Uveitis is an inflammatory condition of the eye that can happen suddenly in dogs for a variety of reasons. Severe cases of uveitis can affect your dog’s vision and even lead to loss of sight. This article will explore what uveitis is, what might cause it, when to seek veterinary attention, and what treatment options are available.
Syncope is a medical term for fainting or passing out. These fainting spells are usually brief, caused by a temporary loss of oxygen and nutrients to the brain. Most dogs recover spontaneously; however, syncope can be a sign of serious heart problems or other conditions in dogs. We’ll explore what causes syncope in dogs, treatment options, and when to seek help if you think your dog has had a syncopal episode.
Vestibular disease (or vestibular syndrome) refers to a group of diseases that affect a dog’s balance system (known as the vestibular system or vestibular apparatus). Common signs of vestibular disease in dogs include loss of balance, falling over, an abnormal flickering of the eyes, and general wobbliness. These signs can occur very suddenly and nearly always warrant veterinary attention. What causes vestibular disease? How is it diagnosed and treated? And what can you do at home to help your canine friend recover?
Is your dog greasy, itchy, or smelly at the moment? If so, he might have a condition called seborrhea. It’s always important to get your veterinarian to examine your dog as there are many things to consider when treating this condition. Let’s explore these in more detail and what causes canine seborrhea in the first place.
We all know that dogs shed their fur — we find it often enough on our clothes and furniture! But what if your dog’s coat is starting to look a bit patchy, or there are small bald spots on your dog? Hair loss in dogs is known as alopecia. Let’s explore some of the causes, the diagnostic tests and some treatment options your veterinarian might suggest.
Our canine friends vomit from time to time – it’s practically a given when you’re a pet parent that at some point, you will be cleaning up after them. There are endless reasons why our dogs may get sick, and it’s not surprising when we see what habits they have at times. But is it possible to tell why they’re vomiting from the color of their vomit? A dog vomit color guide may be helpful for you to know when you need to worry about your furry best friend.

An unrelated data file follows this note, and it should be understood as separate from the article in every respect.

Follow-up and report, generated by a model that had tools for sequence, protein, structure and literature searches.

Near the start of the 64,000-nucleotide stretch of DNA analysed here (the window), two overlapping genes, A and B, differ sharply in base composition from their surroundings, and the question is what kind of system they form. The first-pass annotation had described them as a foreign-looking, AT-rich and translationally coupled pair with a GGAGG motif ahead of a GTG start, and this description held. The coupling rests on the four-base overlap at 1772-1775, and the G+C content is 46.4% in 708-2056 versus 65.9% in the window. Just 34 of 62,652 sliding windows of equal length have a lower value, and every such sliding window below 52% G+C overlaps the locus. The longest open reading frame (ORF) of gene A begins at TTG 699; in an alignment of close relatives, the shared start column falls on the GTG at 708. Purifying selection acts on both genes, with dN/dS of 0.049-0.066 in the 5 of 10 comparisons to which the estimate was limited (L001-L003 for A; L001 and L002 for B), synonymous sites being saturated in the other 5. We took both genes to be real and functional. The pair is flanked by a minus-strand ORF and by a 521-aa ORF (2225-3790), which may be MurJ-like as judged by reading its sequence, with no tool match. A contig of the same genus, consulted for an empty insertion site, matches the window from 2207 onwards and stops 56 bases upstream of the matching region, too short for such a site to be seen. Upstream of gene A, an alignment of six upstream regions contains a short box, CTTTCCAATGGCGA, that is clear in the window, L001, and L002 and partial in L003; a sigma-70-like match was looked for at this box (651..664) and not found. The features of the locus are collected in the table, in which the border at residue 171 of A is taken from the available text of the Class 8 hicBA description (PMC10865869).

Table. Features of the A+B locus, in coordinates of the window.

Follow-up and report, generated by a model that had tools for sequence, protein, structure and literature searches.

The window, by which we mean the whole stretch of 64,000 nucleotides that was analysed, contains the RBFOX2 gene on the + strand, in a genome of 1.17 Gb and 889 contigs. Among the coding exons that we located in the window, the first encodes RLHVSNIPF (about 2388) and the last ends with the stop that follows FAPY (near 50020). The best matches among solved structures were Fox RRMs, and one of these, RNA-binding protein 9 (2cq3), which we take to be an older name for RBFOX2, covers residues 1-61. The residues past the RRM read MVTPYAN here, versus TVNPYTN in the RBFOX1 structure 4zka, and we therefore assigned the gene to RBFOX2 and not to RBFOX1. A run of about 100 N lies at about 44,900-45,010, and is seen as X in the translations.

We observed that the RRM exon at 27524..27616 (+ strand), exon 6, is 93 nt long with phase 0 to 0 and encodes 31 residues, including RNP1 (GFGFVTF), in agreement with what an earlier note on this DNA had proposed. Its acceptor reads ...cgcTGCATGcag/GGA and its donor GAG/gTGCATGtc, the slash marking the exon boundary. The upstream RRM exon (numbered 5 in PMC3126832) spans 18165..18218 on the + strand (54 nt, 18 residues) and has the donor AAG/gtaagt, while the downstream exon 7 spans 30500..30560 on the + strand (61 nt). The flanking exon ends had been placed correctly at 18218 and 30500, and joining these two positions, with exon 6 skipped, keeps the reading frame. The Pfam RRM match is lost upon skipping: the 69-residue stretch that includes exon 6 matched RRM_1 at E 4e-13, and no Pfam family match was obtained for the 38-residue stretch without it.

We pet parents often consider our furry friends as part of our family, and that may mean them joining in at mealtimes. A lot of people also give their pups “human food” snacks. We know that some foods that are healthy for people are not safe for dogs, but can dogs eat black pepper? Salt and pepper are common seasonings used in a lot of human food. So, before sneaking your furry friend a sly treat, it’s a good idea to find out if dogs can have black pepper.
Dogs love a good scratch, but excessive itching can be a sign of an underlying allergy or skin condition. It’s possible to spot the signs of irritation caused by skin conditions and manage some of them at home so your dog can get back to his fun-loving antics faster. We’ll help you know how to help give your pup some itch relief and when it’s time to see your veterinarian.
The study of dog genetics is revealing more about the health of our canine companions than ever before. Hidden in the genetic code of some dog breeds is a mutation that can increase their susceptibility to drug toxicity, which can lead to serious health consequences. Awareness of this defect is increasing, but some information and advice about it can be confusing or misinformed. Here, we explain the MDR1 (multi-drug resistance 1) gene, the breeds most affected, how to test for it, and what this genetic mutation could mean for your furry friend.
A hot dog cooked on the grill may seem simply irresistible to your furry friend; what’s not to love? But is it okay for our canine companions to have a hot dog? The answer is mainly yes, but only as a treat. They are okay as an occasional indulgence but are unlikely to form part of a healthy, balanced diet for your dog.
Intervertebral disc disease (IVDD) in dogs is a condition in which the cushioning discs between the spinal column bones (vertebrae) move or bulge into the spinal canal. The discs then push on the spinal cord or the nerves around it and cause pain, nerve damage, and can even lead to paralysis. Intervertebral disc disease, also referred to as a slipped or herniated disc, is caused by degenerative disc disease. Here is what you need to know about IVDD and how you can help your dog.